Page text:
India is facing one of the greatest crises in its history and maybe the worst of any country during this horrific pandemic. Hospitals are running out of beds, staff and oxygen. Patients are dying in such large numbers that the bodies of the deceased are being cremated in mass funerals. The country is recording more than 300,000 new detected infections and over 3,000 deaths a day — both of which, experts say, are massive undercounts because of severely limited testing and don't account for the terrible burden of diarrheal diseases, heart attacks and other conditions going untreated.
While some initiatives are forming to provide materials to scale vaccine production, these efforts will take weeks or months to have any effect — India will not be able to vaccinate its way out of this surge quickly, no matter what. Even if the United States were to donate all of its vaccine doses to India now, it would still take months to immunize enough people to control the outbreak. Lockdowns, as some states and cities are reinstituting, can quickly stunt transmission of the virus, but in a country with high rates of poverty, informal work and unreliable social safety nets, restrictions need to be implemented with adequate social and economic support for the vulnerable. India has a number of such programs in policy and on paper, but their actual implementation is fraught even in non-crisis times; none of that was enough to offset the fallout from the first set of lockdowns. Any new lockdowns may inadvertently drive people doing informal work in cities back to their villages, where they may carry the coronavirus and further spread the pandemic.
But two other interventions could be implemented almost immediately to counter the tsunami of infection: more masks and rapid home-based antigen tests. The White House is sending millions of such masks and tests to India as part of the U.S. emergency assistance, which is a good start. But with more than 1.3 billion people in India, much more will be needed.
The coronavirus is transmitted by respiratory particles, including smaller aerosols that can get through or around many cloth masks. "Hi-fi" masks that have both high-grade filtration and a tight fit around the mouth and nose can more reliably block these particles. A number of such masks exist, including N95s and reusable elastomeric masks from the United States, KN95s from China, KF94s from South Korea and FFP2s from Europe. India needs to urgently assess the availability of these masks and begin a campaign to procure and distribute them in huge numbers. One U.S. manufacturer, for example, has openly offered to donate hundreds of millions of such masks. India should also make efforts to accelerate domestic production. Another option would be to mass-produce and distribute "mask-fitters" that enhance the seal formed by surgical masks, which are ubiquitously available throughout India and have sufficient filtration to block most particles that transmit the virus. The fitters have simple designs made from common materials, allowing for immediate scale-up of their production. One makeshift approach that can be used until other options are available would be double-masking, with a cloth mask used over a surgical mask to improve its fit.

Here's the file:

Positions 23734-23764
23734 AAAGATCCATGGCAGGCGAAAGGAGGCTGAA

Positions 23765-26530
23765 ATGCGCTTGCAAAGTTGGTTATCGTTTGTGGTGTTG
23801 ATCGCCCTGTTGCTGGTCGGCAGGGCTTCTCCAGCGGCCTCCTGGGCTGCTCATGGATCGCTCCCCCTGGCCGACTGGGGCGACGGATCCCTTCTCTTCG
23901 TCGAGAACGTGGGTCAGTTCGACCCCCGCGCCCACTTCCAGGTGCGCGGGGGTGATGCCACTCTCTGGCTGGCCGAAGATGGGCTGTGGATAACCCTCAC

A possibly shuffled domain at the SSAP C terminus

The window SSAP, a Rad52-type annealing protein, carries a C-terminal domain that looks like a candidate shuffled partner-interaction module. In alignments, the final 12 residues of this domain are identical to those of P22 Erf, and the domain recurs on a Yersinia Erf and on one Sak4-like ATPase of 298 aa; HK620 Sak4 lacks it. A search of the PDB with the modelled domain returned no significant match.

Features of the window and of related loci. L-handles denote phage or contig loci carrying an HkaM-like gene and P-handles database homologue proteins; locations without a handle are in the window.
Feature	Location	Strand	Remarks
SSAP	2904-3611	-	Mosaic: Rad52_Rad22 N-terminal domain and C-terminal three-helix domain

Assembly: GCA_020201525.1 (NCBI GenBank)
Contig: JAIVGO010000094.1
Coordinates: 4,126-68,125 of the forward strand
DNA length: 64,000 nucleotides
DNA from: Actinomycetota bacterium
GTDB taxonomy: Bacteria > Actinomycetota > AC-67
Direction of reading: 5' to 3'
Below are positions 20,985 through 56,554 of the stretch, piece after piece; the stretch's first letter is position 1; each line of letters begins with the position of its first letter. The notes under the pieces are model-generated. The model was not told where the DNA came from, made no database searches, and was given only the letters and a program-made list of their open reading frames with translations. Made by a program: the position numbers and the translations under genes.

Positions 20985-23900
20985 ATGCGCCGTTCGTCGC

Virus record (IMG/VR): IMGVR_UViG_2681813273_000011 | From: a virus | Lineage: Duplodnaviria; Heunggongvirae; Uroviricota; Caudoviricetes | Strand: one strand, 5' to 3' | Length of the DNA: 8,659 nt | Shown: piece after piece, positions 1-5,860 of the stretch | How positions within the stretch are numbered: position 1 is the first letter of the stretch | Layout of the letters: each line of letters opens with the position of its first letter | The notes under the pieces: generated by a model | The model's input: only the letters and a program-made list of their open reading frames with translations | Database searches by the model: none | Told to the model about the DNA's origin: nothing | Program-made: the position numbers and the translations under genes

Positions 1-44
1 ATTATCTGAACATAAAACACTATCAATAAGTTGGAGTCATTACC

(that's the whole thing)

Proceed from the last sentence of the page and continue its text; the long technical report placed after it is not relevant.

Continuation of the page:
If worn widely when indoors and among crowds, these options could rapidly impede transmission. They can be mass-distributed through existing channels such as the national food supplementation system, which has a designated person in each village to distribute food rations. In addition, public uptake of such masks will require politicians and celebrities — some of whom have, in recent months, not been wearing masks in public — to promote them now.